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The future of in-person conferences: for some, not all

As the omicron wave of the pandemic fades, people are going back to ‘normal life‘: eating out, going to concerts and other gatherings, and yes, returning to work ‘in person’.  Many of us are vaccinated, boosted, or double-boosted. Masks are seen less, and markers of pandemic life such as social distancing and barriers are becoming much less common. Even as the pandemic regains strength in some areas such as Hong Kong, it is waning in much of North America and Europe.

One sign of the change? In-person industry conferences are coming back.

Historically, the job board and recruitment marketing industry has had three main recurring conferences. TAtech (formerly IAEWS) put on several events each year, with one major one focused on employment sites and related suppliers. This year it will occur in Austin, from May 31st to June 2nd. UK-based Jobg8 put on two job board conferences each year – one in the UK and one in the US. The company recently announced that it was ending those conferences, which had been spearheaded by Louise Grant. Finally, the AIM Group held its annual RecBuzz conference in various locations, usually in Europe. This year’s event will be in Amsterdam, September 13-14.

Two out of three ain’t bad, right?

So are you going? Conferences like these can be great for networking with other companies, seeing what competitors are doing, and learning more about specific subjects such as AI or programmatic. Conferences inevitably involve talking – a lot. And they can sometimes be where you form a lasting relationship with industry peers.

But for some of us, COVID has changed the ‘conference equation‘. The old way the conference equation worked was: you looked at the out of pocket expense (fee, travel, hotel, food, etc.); the time away from work; and the convenience or inconvenience of the conference location. Then you made your ‘go-no go’ decision. For some, attending every conference was a no-brainer; for others, once every couple or three years was plenty. Some never went at all.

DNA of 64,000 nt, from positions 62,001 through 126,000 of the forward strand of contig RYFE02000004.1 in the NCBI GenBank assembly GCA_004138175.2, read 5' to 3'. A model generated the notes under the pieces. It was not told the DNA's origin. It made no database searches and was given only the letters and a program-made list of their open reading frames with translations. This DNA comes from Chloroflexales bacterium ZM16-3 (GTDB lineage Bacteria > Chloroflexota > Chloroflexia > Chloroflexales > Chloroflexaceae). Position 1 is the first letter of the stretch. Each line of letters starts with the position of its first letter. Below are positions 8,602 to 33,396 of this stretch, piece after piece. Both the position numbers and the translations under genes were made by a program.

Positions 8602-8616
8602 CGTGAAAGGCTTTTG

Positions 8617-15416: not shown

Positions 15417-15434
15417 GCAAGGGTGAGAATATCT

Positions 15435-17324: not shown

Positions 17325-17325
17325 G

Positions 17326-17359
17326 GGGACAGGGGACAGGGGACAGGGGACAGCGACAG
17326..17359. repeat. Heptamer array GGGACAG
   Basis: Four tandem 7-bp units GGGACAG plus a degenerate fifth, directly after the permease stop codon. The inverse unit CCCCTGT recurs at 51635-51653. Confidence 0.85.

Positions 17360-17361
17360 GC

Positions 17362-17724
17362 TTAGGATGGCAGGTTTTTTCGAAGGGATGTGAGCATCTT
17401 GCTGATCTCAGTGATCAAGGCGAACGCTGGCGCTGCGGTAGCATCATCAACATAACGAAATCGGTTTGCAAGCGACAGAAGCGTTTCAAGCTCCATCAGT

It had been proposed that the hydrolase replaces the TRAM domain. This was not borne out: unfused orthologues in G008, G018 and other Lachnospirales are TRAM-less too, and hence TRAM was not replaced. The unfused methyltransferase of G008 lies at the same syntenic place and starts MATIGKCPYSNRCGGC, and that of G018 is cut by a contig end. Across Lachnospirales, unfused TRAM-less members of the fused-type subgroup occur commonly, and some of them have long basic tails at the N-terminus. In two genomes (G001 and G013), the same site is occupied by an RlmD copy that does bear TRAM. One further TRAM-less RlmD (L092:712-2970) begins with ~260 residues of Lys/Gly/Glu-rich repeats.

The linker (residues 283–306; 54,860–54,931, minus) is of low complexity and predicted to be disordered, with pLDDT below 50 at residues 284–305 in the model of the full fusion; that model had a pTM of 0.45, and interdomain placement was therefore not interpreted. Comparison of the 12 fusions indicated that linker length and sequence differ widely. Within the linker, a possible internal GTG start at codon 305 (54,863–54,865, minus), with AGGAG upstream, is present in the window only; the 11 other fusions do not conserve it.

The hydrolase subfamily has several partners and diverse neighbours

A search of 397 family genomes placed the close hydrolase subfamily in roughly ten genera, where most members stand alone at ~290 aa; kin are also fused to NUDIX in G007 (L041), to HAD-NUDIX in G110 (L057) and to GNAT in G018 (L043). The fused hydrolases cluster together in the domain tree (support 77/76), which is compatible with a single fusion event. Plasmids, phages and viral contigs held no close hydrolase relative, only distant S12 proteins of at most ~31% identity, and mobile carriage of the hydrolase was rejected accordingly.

But COVID added a wrinkle to my personal conference equation. In addition to the factors listed above, I have to take into account that my wife is immunocompromised (as am I). If she catches COVID, her survival is not at all assured. Yes, of course she is triple-vaccinated and masks daily and takes plenty of precautions. But if her husband (i.e., me) brings home any strain of COVID from a conference – be it new or old – he might just kill her. COVID, as you know, makes us all risk assessors. Is it worth seeing a movie on opening night with a full house – or would it be better on a Sunday afternoon with 2 other viewers? Is it worth eating a 2 hour dinner in a restaurant in winter, with minimal airflow and with no knowledge of the vaccination status of fellow diners? And so on. Of course you can never be perfectly safe – but in a nation where a substantial minority refuses to be vaccinated, and will even lie about their status, it’s not worth it for some of us.

Thus, I’ve become one of the folks who won’t be going to conferences for a long time – if ever. Think about it – hours in the confined and usually packed environment of a plane. Hours inside a conference center, being exposed to people of unknown vaccination or exposure status. Lots of aerosol dispersal in the form of laughing and yelling. Nope, it just isn’t worth the potential consequence.

So the conferences will go on, but just for some – not all – of us. I will miss them.

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